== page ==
are still public outlets and you never know who is listening.
Greene-Lewis recommends a few steps to protect yourself online: "Use strong passwords, a combination of letters, numbers and characters, and change them frequently. Create a different username and password for each online account, and be judicious posting personal information on social media."
Something as innocuous as admitting you still haven't filed your refund could tip fraudsters to the fact there's still time to file a fake return in your name. So until April 15, just stick to posting cat videos or debating whether #TheDress is blue and black or white and gold.
3. File as soon as possible.
The best way to keep fraudsters from filing a fake return in your name is to beat them to it. File your taxes as soon as you receive your W-2s, 1099s and other tax forms. Many companies offer to have these documents delivered via email, which cuts down on waiting time and keeps your sensitive information out of the mail delivery system.
4. Track your refund.
Taxpayers can get up-to-date tax refund information using Where's My Refund? at irs.gov/Refunds or the IRS2Go mobile app. Both services help protect refunds from getting stolen in the mail or sent to the wrong bank accounts or home addresses.
E-filed returns can be tracked within 24 hours of filing, and paper returns take four weeks to show up in the tracking system. Where's My Refund? is updated every 24 hours. You'll need your Social Security number or taxpayer ID number, filing status and exact refund amount to track your refund.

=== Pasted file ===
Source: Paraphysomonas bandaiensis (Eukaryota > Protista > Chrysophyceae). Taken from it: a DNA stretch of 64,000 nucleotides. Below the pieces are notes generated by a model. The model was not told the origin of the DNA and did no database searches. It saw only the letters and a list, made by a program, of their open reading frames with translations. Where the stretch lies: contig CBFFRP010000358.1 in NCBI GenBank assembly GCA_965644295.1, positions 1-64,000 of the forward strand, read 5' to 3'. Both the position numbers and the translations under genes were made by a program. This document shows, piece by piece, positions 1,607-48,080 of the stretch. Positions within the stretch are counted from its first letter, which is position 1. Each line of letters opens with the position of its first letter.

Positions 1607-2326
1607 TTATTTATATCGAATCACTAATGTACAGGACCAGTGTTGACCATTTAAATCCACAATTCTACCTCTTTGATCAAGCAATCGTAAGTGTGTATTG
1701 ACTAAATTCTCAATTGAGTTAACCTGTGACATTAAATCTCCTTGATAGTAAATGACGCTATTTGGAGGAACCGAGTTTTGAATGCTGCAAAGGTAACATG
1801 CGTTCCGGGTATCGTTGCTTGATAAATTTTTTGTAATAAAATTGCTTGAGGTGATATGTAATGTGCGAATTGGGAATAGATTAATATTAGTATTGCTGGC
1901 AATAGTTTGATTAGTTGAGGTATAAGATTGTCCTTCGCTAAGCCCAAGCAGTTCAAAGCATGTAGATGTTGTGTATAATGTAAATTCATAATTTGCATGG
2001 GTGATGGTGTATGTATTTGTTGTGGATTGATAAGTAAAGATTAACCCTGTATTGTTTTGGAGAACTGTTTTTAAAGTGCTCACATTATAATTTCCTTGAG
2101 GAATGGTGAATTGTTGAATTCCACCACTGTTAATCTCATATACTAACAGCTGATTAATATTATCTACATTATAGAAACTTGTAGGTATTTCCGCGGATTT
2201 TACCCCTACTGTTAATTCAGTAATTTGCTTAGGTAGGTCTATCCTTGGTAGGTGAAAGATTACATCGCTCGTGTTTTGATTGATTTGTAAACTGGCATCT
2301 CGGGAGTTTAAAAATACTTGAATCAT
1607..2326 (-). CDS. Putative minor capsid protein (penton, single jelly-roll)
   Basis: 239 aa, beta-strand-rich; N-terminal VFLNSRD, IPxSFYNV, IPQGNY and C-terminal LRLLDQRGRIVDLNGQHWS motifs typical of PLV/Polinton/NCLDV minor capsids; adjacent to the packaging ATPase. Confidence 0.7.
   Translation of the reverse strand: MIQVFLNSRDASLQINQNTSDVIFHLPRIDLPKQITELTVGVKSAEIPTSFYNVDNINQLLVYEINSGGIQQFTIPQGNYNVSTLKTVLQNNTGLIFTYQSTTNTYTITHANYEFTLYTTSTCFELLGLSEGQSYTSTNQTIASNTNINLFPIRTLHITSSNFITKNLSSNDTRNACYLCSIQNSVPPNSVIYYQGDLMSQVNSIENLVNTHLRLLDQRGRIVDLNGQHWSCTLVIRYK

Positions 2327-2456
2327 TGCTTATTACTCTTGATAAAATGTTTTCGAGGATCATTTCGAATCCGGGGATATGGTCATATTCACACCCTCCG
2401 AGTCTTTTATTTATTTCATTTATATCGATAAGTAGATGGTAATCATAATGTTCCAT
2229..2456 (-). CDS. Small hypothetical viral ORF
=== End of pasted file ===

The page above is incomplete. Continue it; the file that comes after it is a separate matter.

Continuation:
5. Get an identity protection PIN.
The most notable step the IRS has taken to protect taxpayers against tax refund fraud is the rollout of an identity protection PIN. Qualifying taxpayers who want to e-file their taxes must use a PIN number, which helps the IRS verify identities.
To get a unique PIN number, simply visit the IRS website or call 1-866-704-7388. You will be asked for information from last year's tax return and can then select a six-digit PIN to file your return. The PIN is only good for one tax year, so the IRS will send you a new one in December.
What to Do If You're a Victim of Tax Refund Fraud
If you think you're a victim of tax refund fraud. fill out IRS Form 14039 to alert the agency right away. Not only do you want to ensure your return is filed as soon as possible, but you also want to help the IRS track fraudulent activity in real time.
When you fill out Form 14039, titled "Identity Theft Affidavit," you will be required to provide a copy of your government-issued identification. If you received a notice from the IRS regarding a suspected fraudulent return, also include a copy of that notice with Form 14039. You can mail or fax all the documents to the IRS.
You might also want to freeze on your credit reports with all three major credit bureaus, and the Federal Trade Commission recommends filing a complaint as well as an identity theft report with your local police department. The IRS suggests contacting your financial institutions, closing any vulnerable accounts and checking your Social Security earnings statement annually.
Morgan Quinn is a writer for GoBankingRates.com. a leading source for the best savings account rates, CD rates, personal finance news and more.